Determination of three-dimensional flow velocity distributions from single-plane angiograms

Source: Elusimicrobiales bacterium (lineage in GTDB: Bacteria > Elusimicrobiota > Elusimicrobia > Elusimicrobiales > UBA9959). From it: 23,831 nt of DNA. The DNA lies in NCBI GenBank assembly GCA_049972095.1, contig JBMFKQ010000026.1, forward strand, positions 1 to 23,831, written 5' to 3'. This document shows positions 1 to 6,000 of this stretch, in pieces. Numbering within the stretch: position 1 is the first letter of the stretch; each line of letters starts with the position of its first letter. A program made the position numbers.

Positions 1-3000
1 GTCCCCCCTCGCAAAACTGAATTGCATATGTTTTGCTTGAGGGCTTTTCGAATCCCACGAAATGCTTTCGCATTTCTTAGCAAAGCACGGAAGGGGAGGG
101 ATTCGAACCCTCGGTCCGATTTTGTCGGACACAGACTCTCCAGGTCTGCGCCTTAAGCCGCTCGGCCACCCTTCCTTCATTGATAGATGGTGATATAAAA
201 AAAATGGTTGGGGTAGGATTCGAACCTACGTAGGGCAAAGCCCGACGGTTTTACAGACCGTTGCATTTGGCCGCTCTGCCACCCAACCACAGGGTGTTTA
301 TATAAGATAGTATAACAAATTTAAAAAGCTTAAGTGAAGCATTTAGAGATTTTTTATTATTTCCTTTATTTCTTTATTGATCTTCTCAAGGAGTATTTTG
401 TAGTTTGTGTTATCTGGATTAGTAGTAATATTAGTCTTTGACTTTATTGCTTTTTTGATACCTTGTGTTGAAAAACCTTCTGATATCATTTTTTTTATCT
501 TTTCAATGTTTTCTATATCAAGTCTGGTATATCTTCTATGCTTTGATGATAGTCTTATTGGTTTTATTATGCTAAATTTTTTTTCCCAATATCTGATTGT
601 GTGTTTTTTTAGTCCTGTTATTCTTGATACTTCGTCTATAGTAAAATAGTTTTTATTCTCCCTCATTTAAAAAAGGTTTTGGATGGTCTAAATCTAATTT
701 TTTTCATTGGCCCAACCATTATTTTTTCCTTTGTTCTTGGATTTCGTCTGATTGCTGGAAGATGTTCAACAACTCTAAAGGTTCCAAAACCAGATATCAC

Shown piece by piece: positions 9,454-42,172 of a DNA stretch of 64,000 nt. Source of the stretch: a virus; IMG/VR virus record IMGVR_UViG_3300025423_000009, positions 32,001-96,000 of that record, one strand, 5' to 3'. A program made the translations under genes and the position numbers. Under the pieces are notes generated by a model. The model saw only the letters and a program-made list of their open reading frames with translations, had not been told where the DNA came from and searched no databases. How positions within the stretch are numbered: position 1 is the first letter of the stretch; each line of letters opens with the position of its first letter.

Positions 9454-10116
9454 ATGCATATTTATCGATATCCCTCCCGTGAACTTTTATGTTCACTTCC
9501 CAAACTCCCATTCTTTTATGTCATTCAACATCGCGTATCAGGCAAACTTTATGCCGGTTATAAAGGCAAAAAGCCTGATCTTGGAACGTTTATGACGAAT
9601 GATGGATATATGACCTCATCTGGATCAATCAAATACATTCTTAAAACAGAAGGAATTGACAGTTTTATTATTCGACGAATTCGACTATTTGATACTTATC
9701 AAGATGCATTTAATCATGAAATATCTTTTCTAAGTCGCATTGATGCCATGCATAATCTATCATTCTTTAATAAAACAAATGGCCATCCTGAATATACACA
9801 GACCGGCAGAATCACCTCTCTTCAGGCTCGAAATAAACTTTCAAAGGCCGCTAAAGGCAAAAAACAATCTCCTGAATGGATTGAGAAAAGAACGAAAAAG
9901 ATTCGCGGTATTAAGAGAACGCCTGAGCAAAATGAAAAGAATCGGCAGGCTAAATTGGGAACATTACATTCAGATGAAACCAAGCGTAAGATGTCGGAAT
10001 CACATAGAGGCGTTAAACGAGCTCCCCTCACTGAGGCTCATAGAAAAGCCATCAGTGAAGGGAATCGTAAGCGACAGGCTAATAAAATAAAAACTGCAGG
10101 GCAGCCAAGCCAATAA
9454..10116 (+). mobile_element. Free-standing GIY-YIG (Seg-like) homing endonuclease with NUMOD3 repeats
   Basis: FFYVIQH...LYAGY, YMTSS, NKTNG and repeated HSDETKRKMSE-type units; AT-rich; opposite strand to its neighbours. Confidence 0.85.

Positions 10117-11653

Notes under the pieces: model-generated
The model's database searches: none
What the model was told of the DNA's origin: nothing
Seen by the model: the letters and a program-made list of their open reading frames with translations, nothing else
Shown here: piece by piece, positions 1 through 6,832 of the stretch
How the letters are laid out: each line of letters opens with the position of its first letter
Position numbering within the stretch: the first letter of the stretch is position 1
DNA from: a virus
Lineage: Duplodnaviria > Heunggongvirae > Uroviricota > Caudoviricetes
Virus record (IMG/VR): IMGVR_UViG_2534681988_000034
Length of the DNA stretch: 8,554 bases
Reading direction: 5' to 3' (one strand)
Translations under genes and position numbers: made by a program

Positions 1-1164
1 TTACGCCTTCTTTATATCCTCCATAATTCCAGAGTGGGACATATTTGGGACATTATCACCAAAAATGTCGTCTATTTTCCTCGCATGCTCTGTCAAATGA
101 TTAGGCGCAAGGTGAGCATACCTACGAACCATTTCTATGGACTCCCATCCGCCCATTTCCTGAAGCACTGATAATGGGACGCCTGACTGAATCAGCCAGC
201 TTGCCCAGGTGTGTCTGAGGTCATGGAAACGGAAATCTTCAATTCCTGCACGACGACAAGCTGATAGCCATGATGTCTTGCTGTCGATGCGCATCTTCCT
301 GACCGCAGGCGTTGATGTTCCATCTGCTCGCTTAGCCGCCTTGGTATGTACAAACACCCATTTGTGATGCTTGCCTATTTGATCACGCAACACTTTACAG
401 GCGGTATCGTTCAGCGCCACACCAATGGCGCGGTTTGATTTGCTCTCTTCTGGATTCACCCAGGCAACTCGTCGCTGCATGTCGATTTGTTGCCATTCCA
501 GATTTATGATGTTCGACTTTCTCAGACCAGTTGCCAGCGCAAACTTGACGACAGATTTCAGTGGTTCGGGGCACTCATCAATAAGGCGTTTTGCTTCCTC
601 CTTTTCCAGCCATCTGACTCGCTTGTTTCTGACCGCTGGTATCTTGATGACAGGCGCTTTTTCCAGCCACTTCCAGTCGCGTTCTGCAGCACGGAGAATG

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Velocity data is important for assessment and study of diseased vessels. Techniques for in vivo velocity measurements remain limited. Understanding 3D flow velocity fields can be valuable during interventional procedures. In this work, we present a new method of measuring 3D velocity data from single-view angiographic sequence. We have generated virtual angiographic sequences to test our technique. Sequences are developed using a simplified flow field. Contrast material is propagated through the flow field. A series of ray cast images are generated to simulate single-view radiographic projections of the contrast leading edge as it travels through the region of interest. Images are produced without noise and with a signal to noise ratio (SNR) of 10. We have developed a method to reconstruct a 3D distribution of contrast material from a single-view angiogram using bilateral symmetry. We take advantage of x-ray attenuation and projection ratios to obtain our 3D reconstruction. We present a method to generate velocity data from time-sampled contrast-interface surfaces. To do this, we establish corresponding points on the surfaces using assumed streamlines. Streamlines are generated based on the enclosed geometry of the vessel. Geometry reconstruction errors are within a pixel (noiseless) and less than 5% (volumetric, SNR=10). Average velocity errors between surfaces are range from 10% and 20% (noiseless) and 20% for select SNR=10 cases. The reconstructed flow field error is 25% in regions away from the vessel wall. In this thesis we describe a framework used to obtain 3D velocity data using ubiquitous procedures and equipment.